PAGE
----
Ohio State fans poured out more than a few cold ones for the Ohio State football team in 2017, surpassing last season’s total revenue from in-stadium beer sales.
The university made $1,231,280 in total net revenue from 2017 beer sales in Ohio Stadium, according to public records. It is a 5.6 percent increase from the $1,166,497 generated in 2016 — the first year the ‘Shoe implemented stadium-wide beer sales.
The revenue obtained by the university is directed toward funding four additional University Police officer positions, increased security, campus safety initiatives and financially supporting Ohio State’s Higher Education Center for Alcohol and Drug Misuse Prevention and Recovery, university spokesman Ben Johnson said.
The $1.23 million is the revenue after expenses, not the total amount of money from beer sales.
While the total revenue increased for the university, so did the number of in-stadium arrests.
Ohio State recorded 39 arrests in the ‘Shoe this season, 21 of which were in the first two home games. Only 22 arrests occurred inside the stadium in 2016.
Johnson said very few of the arrests involved a fan being removed and taken to jail. “Most of the arrests inside the stadium are of underage individuals attempting to purchase alcohol,” he said. “The individuals receive a summons to appear in court and are released.”
The total number of incidents recorded inside and outside the stadium — which includes all arrests, citations and ejections — increased from 61 in 2016 to 87 in 2017. Alcohol-related arrests outside the stadium increased from five to 10, and other arrests outside the stadium increase from one to seven.
The number of alcohol citations decreased from four to two, and ejections decreased by one, 25 to 24.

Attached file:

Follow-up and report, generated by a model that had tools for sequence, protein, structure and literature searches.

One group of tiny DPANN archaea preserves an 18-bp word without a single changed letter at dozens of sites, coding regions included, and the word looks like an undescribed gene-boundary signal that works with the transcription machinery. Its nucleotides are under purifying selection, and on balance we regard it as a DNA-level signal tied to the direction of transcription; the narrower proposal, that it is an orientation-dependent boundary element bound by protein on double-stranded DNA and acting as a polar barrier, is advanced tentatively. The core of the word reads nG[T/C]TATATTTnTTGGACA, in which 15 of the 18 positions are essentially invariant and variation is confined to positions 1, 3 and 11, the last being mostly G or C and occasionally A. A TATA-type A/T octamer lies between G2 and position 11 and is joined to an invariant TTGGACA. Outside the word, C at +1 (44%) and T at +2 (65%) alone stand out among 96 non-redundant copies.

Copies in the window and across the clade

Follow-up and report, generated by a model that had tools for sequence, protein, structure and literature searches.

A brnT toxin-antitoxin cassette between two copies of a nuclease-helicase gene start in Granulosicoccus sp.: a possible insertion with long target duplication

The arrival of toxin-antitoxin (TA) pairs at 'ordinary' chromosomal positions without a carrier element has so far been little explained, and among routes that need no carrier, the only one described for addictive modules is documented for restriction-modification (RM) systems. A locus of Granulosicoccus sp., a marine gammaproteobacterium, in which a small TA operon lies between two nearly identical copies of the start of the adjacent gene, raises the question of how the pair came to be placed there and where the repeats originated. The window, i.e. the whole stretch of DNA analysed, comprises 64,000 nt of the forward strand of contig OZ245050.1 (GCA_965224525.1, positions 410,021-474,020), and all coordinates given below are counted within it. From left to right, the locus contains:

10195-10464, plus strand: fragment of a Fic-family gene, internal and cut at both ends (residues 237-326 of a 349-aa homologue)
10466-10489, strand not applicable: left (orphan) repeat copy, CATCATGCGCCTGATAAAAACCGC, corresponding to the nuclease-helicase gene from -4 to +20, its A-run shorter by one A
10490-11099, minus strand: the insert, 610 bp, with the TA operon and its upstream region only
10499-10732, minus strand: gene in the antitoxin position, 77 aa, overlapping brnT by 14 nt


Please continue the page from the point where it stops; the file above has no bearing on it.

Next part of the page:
A number of factors can affect the number of incidents during a particular game. One of the most prominent factors is the time of the game. The Oklahoma game, for example, which kicked off at 8 p.m., had 30 total incidents, including 11 alcohol-related in-stadium arrests, six alcohol arrests outside the stadium and nine ejections.
In September, The Lantern conducted a review of gameday incidents related to alcohol sales in the ‘Shoe. Total stadium incidents are still well below the total number of incidents in the two years before alcohol was available stadium-wide.
The university instituted a pilot program for the 2015 football season, selling alcohol exclusively on the suite and club levels, before making it available throughout the stadium the following season.
There were 85 ejections and 179 total incidents in 2015, which was down from 269 total gameday incidents in 2014. University Police Chief Craig Stone said in September the statistics related to 2016 season will be a benchmark for the two-year-old stadium policy moving forward.
Before the season, stadium policy changed to allow fans in the south stands to purchase just one alcoholic beverage per ID. This move was done to minimize pass-offs, which is when fans of age purchase alcohol for someone underage. The south stands are primarily comprised of students.
Every other location in the stadium has a limit of two alcoholic beverages per ID.
Correction 1/13/18: The originally reported net revenue of $1.35 million was corrected to $1.23 million after the university said it realized it had made a mistake in calculating the total net revenue when this story was published on Dec. 11. The percentage increase from the 2016 season has subsequently been corrected with the correct information provided by the university.